Lessons Learned From the RaDonda Vaught Case

By Michael Ramsay, MD

In healthcare and beyond, RaDonda Vaught has become a well-known name due to her involvement in an upsetting wrongful death case. The media attention around the criminal proceedings, related to the death of Vanderbilt University Medical Center patient Charlene Murphey, spotlighted the fact that preventable medical errors are still prevalent in our healthcare system. The case also underscored an inherent need for healthcare decision-makers to act quickly and create a culture of safety in their hospitals—one where clinicians aren’t intimidated to speak up when a medical error or a “near miss” occurs. Silence allows broken processes to repeat themselves, whereas conversation creates an opportunity to learn and incite change.

However, change does not happen overnight; it takes time, strategy, and concerted effort. Take the U.S. commercial aviation industry, for instance. Over the past 20 years, the sector has decreased its overall fatality rates by 95%. This was achieved with the support of the Federal Aviation Administration, which worked with the industry to form a number of programs that monitor for and ensure compliance, like the Commercial Aviation Safety Team. The premise is focused on both detecting and responding to risks. Its success is largely due to aviation’s commitment to sharing data that helps identify threats and address a problem before an accident occurs.

While healthcare is quite different from aviation, the RaDonda Vaught case has shown the negative impact of a “shame and blame” culture. In fact, the tragic incident laid bare a list of compounding issues that led to the fatal medication error, including:

  • Overriding the dispensing machines routinely instead of in emergent situations due to frequent malfunctions, thereby negating a critical safety measure meant to ensure administration of the proper medication to the correct patient
  • No patient scanner in the PET scan room to verify specific patient drug dosages
  • An order from the staff nurse stating, “No need to monitor the patient”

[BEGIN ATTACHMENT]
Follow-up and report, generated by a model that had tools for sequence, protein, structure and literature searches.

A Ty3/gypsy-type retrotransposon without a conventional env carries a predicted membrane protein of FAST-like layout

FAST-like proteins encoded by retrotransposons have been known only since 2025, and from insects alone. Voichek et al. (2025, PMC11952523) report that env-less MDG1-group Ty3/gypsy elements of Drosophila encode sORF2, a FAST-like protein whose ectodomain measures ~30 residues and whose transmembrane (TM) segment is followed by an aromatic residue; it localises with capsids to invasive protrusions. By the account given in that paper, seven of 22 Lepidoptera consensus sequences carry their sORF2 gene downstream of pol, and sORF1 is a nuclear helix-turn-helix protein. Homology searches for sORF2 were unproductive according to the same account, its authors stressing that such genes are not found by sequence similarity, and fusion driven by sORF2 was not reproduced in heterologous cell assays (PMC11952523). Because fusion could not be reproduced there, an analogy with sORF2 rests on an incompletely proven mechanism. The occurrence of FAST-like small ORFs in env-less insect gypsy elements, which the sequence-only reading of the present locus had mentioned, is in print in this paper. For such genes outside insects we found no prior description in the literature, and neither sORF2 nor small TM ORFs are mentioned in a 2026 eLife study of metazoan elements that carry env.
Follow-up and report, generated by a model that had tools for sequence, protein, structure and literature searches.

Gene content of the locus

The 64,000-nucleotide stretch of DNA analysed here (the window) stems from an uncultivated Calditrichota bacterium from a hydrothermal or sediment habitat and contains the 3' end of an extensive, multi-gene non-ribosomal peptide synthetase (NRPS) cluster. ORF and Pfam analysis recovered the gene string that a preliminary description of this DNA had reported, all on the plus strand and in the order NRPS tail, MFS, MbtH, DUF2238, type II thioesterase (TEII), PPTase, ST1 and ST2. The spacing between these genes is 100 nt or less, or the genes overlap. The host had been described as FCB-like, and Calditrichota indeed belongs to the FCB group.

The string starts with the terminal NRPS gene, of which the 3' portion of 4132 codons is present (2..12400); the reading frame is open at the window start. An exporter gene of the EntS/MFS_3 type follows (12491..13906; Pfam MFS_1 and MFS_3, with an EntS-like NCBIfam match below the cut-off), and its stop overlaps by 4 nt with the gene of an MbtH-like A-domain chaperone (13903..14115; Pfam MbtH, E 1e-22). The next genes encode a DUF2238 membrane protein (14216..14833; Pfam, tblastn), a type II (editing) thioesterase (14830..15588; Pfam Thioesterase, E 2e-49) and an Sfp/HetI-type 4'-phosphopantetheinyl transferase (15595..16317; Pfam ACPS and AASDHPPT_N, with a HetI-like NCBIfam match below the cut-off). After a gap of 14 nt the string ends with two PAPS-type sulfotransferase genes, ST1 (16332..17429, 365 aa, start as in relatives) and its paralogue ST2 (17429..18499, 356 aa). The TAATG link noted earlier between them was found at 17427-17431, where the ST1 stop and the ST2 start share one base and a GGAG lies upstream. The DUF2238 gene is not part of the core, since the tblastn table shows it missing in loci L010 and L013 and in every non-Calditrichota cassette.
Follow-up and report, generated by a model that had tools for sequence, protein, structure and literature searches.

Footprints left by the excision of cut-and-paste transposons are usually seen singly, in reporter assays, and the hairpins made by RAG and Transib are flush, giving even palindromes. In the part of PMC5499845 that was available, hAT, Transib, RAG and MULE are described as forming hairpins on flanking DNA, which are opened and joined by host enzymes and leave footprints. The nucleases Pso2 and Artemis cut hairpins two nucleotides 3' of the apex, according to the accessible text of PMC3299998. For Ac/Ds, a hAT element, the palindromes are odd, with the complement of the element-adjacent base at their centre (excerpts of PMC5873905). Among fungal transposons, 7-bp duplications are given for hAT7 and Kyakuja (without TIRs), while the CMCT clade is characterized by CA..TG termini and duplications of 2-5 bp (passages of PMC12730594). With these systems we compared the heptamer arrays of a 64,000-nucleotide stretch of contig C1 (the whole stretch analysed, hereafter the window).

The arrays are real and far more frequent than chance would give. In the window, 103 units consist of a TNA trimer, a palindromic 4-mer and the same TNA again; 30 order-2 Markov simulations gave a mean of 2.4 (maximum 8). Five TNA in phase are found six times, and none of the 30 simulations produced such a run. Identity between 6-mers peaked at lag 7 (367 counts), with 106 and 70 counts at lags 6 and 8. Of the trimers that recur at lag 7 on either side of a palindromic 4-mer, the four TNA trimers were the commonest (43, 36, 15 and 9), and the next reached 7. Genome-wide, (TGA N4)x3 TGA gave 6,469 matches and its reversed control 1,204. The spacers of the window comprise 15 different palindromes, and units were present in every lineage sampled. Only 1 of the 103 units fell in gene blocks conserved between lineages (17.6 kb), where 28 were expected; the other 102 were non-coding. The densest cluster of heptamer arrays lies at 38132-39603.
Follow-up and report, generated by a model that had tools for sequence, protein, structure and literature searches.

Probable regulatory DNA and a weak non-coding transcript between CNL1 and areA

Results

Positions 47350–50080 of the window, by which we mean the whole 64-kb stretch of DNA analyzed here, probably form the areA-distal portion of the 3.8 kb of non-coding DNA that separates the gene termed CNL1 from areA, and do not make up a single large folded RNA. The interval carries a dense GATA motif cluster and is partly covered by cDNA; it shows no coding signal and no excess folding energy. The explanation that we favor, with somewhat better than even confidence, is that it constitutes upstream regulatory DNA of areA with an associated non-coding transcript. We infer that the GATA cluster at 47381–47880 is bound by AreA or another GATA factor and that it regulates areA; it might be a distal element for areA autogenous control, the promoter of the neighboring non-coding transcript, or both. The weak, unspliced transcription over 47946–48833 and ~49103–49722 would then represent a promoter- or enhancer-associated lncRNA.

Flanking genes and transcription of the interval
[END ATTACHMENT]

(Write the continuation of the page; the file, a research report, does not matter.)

• Vaught being pulled away from her primary task of treating a patient in the emergency room when the call to administer the drug was made
  • The request for patient sedation from a technician in the lab rather than a clinician

Vaught quickly realized she had made a mistake and reported it within roughly 20 minutes. When a medical error occurs, the investigation should start with why the mistake happened and examine the systems and processes before asking who made the mistake. While there does need to be accountability if standard practices were not followed, healthcare systems must understand what caused the procedural missteps in the first place. If a provider simply “cut corners,” then that individual should be sanctioned, but in this particular case, the root cause was multifactorial.

In this case, Vaught was charged with negligent homicide and the jury found the ex-nurse guilty. However, Judge Jennifer Smith, who presided over the case, did not sentence Vaught to prison. Instead, she called for a change in the U.S. healthcare industry’s approach to safety. Smith pointed out that Vaught was transparent in reporting the error; she showed remorse; her mistake was unintentional; the incident was not done in malice; and she had no intent to do harm. Judge Smith handed down three years’ probation that, upon successful completion, will result in Vaught’s charges and record being expunged as opposed to the serious prison time the prosecutors requested.
Despite the tragedy of the loss of life, the media attention around this case has brought patient and healthcare safety to the forefront of public conversation. Here are the conclusions we can gain from this tragedy:

  • Any medical mishap calls for transparency between the patient, the patient’s family, and the healthcare system.
  • The investigation must look at the systematic approach as well as the individual caretaker’s actions.
  • Healthcare facilities should require the use of evidence-based best practices in areas where errors occur frequently to ensure the most trusted procedures are performed on every patient, every time.
  • Healthcare reimbursements need to be further aligned and based on quality of care, not volume of care.
  • When major medical errors occur, accredited third-party organizations like The Joint Commission, the Centers for Medicare & Medicaid Services, or the Agency for Healthcare Research and Quality should routinely conduct independent investigations.
  • There should be an industrywide effort to create and instill a culture of safety that spans from top health system decision-makers to the newest staff members.
  • All employees must make a strong commitment to safety, and patients must be empowered and encouraged to ask questions related to their health and well-being. A “fair culture” should exist where every party feels comfortable speaking up.

Healthcare systems need to prioritize the safety of patients and the safety of their staff. This will require commitments from not just the health organizations but also from pharmaceutical companies, medical technology companies, politicians, providers, and patients. While this case was unfathomable—for both the family of Charlene Murphey and for RaDonda Vaught—it’s imperative to educate, increase awareness, and eliminate harm by learning from this situation and identifying better medical practices.

Michael Ramsay, MD, is the CEO at the Patient Safety Movement Foundation, a global nonprofit with a vision to eliminate preventable patient harm and death across the globe by 2030. It provides free actionable patient safety solutions, designed around evidence-based best practices, and coaching to help health systems improve their care.